Customer friction is a key factor in why people abandon a website, leave a store without buying, disconnect from a monthly service plan, and the list goes on. In previous articles, I’ve written about the need to make the customer journey SIMPLE, EASY and PROBLEM-FREE. This includes the post-purchase return experience. Today, I’m pleased to share a guest post by Customer Service Expert & Author, Shep Hyken, who knows a lot about Customer Convenience. I love Shep’s article because by understanding WHAT CAUSES customer friction, people can better AVOID and ELIMINATE it to increase customer satisfaction and loyalty. The following is what Shep has to say about how companies and employees create customer friction, which drives shoppers away.
“HERE’S A QUESTION…..
What is it that you don’t like about some of the companies and organizations you do business with? As an example, there is always a company that makes me go through their entire advertising pitch before anyone picks up the phone. I’ve practically memorized it. It’s frustrating that I am forced to listen to that recording every time I call. That’s friction.
There are TEN WAYS companies (and employees) create friction. They are “convenience infractions” that potentially drive away customers.
- Bad policies: I hate when someone does something that seems like a waste of time, and then blames it on a policy or gives me a negative response to a question and says, “It’s company policy.”
- Duplicate paperwork: I’m always amazed at the amount of duplicate paperwork that is filled out. I recently talked to an executive of a bank, and he mentioned it was a big problem.
- Cumbersome technology: Hard-to-navigate websites drive away customers.
- Broken anything: If something is broken, the moment you find out about it, start fixing it. I’m surprised at what isn’t fixed in a reasonable period of time.
- Making customers wait: Sometimes a wait is inevitable. However, if you make a customer wait, let them know how long. Then don’t be late!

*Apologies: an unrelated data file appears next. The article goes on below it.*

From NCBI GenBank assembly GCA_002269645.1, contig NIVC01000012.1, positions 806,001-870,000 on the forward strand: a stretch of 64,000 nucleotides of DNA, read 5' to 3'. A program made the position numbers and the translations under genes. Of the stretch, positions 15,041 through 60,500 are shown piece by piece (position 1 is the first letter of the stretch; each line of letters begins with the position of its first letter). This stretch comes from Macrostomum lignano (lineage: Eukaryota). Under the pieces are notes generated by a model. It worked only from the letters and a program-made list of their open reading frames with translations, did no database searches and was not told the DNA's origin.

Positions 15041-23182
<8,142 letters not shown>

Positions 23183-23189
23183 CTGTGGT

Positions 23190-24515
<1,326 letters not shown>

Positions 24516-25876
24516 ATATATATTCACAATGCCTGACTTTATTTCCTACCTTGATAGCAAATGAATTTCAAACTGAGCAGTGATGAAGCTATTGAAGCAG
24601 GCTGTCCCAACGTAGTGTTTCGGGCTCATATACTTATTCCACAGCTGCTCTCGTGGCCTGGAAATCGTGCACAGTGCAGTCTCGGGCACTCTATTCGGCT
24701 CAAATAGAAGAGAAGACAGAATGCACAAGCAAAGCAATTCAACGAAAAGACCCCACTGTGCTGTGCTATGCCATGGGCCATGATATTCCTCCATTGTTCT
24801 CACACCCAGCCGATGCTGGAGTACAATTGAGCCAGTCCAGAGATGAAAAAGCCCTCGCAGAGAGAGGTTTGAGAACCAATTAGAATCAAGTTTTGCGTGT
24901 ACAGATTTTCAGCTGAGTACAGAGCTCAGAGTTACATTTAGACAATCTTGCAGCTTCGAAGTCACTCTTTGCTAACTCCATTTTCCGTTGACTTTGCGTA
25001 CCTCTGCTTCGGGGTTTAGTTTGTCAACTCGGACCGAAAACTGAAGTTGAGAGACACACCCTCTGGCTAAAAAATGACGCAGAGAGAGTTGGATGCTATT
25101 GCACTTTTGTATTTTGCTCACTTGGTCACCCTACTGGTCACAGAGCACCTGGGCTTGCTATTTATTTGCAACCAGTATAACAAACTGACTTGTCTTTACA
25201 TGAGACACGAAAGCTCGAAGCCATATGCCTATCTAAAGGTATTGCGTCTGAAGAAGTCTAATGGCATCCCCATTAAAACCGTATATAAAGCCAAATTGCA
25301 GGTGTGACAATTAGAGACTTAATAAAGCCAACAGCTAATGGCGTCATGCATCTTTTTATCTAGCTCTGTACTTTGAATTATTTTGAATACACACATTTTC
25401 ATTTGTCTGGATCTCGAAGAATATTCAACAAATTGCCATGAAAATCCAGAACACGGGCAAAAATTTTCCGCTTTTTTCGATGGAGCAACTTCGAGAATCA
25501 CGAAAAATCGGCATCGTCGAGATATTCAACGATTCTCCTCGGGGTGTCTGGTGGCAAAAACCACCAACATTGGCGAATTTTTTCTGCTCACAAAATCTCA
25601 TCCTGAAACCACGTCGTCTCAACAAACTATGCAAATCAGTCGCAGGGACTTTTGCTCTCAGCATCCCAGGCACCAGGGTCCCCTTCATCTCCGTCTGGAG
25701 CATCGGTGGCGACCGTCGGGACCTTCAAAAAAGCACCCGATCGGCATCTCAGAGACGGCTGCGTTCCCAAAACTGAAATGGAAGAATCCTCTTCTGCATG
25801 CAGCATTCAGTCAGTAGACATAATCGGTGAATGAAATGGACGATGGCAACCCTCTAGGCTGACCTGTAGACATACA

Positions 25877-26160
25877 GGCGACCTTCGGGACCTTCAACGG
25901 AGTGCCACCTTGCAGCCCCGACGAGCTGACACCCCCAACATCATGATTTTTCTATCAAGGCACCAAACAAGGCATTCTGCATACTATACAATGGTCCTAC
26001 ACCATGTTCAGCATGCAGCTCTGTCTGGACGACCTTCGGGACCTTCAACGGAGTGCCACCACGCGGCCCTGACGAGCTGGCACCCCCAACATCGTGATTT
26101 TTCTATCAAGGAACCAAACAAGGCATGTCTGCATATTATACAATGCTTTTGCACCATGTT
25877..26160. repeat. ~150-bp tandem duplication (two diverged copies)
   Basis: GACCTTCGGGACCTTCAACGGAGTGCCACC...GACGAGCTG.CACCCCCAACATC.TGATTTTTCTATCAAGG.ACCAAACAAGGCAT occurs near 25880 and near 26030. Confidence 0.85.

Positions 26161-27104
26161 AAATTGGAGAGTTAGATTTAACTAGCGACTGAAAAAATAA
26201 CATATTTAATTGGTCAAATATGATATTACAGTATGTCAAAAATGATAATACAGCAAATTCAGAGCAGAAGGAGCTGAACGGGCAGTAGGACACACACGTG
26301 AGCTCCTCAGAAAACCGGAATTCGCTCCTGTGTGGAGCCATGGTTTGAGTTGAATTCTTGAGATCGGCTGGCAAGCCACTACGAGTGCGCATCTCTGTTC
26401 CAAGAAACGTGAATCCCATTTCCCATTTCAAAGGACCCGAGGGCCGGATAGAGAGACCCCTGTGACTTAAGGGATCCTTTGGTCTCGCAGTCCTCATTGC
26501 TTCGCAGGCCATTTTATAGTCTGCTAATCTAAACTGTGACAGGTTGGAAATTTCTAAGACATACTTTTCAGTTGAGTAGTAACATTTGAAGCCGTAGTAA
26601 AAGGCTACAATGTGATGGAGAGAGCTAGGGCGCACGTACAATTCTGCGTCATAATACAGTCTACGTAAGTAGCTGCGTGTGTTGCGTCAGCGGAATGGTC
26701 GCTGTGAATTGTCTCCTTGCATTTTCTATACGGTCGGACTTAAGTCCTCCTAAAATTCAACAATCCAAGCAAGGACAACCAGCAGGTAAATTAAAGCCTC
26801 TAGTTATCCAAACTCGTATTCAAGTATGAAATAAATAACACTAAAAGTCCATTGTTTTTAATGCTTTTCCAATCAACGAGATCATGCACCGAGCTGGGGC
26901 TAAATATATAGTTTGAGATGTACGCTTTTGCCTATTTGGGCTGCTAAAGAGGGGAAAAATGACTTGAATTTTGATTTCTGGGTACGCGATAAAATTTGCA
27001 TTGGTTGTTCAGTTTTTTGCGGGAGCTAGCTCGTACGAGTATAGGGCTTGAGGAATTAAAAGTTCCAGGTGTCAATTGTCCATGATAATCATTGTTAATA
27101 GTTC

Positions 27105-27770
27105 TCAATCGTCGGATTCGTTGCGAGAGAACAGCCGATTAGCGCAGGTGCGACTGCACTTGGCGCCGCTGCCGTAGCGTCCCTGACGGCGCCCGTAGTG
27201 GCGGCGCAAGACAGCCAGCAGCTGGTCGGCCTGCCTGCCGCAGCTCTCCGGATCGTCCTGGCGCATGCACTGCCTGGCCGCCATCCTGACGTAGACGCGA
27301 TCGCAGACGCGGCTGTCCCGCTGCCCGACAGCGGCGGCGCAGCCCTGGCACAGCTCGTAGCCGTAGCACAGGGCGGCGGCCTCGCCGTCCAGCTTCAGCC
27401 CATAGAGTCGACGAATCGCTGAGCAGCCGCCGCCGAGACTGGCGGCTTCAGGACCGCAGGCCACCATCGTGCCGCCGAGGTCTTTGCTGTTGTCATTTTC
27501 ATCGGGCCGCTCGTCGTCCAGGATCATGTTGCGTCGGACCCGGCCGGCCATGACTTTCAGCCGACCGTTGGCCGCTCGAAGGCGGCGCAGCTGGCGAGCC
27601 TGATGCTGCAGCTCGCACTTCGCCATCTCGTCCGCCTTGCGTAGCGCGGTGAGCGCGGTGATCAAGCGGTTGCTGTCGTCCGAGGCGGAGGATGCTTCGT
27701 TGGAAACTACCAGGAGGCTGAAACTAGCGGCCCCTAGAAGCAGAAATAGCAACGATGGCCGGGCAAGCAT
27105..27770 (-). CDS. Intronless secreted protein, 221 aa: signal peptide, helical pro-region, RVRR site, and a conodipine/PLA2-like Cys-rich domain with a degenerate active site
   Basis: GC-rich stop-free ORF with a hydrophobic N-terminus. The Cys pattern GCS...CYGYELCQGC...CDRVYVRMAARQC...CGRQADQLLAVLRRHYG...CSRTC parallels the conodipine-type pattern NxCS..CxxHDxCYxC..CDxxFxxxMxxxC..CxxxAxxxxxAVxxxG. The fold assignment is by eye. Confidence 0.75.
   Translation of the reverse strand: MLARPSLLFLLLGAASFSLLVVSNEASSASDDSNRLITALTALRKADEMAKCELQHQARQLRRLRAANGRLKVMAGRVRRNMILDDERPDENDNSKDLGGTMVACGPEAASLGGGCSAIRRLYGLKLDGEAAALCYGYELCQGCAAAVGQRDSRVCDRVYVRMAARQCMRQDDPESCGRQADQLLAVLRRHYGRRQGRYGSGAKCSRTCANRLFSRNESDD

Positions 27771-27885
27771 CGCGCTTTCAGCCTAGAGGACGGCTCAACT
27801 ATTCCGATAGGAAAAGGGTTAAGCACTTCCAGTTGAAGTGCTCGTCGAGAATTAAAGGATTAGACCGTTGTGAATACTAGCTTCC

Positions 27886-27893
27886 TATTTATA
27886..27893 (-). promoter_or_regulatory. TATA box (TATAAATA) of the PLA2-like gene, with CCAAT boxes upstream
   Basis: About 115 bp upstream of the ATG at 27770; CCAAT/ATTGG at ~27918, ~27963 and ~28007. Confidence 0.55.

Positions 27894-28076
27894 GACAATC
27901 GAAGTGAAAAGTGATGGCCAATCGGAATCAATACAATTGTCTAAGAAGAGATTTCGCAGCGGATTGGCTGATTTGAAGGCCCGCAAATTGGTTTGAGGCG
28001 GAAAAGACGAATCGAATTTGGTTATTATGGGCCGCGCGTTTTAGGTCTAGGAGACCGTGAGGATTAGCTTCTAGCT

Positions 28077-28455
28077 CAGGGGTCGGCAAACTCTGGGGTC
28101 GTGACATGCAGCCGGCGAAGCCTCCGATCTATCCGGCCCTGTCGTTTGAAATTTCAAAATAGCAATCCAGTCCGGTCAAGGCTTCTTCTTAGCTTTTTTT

- Inconsistent information: When a customer gets two or more different answers to the same question, what pain do you cause their brain? Confusion is friction.
- Poorly trained employees: It can tie into inconsistent information, but it’s more than that. Employees that demonstrate a lack of knowledge or competency frustrates customers. Frustration is friction.
- Not being able to talk to a person: This is also frustrating. Some companies make it hard to get to a person. If a customer is on a website and needs help, there should always be a human fallback.
- A bad customer experience design: The concept of CX design is a hot topic. Companies are assigning executive titles to the person in charge of “design.” This isn’t designing labels and packaging. This is designing the total end-to-end experience the customer has with your company. This is the person in charge of eliminating friction!
- Anything that wastes a customer’s time: This is more than putting a customer on a long hold. When it comes to business, the opposite of friction is easy, as in convenient. Much of convenience is not just being easy, but also saving the customer time. Anything that doesn’t save the customer time, or wastes their valuable time, is friction. This isn’t meant to be a rant. It’s simply a list of some of the ways companies frustrate their customers and cause friction. And, it’s only a partial list.”
What are your thoughts on THe Top 10 list?
Do you agree with Shep’s examples? I definitely do, especially the importance of saving customer’s time as it can be a brand’s differentiator. I suggest reading more about “CX and The Gift of Time” and ways to reduce the level of effort for your customers in the new year.
WANT TO INCREASE YOUR CX SKILLS & TRANSFORM YOUR ORGANIZATION?
- Sign Up for our newsletter. You’ll get access to our free whitepaper upon registering.
- Contact us for support. Learn about our Mentoring Program.
- Share & follow DoingCXRight on Twitter for daily updates.
*All opinions expressed on the DoingCXRight Blog and site pages are the authors’ alone and do not reflect the opinions of or imply the endorsement of employers or other organizations.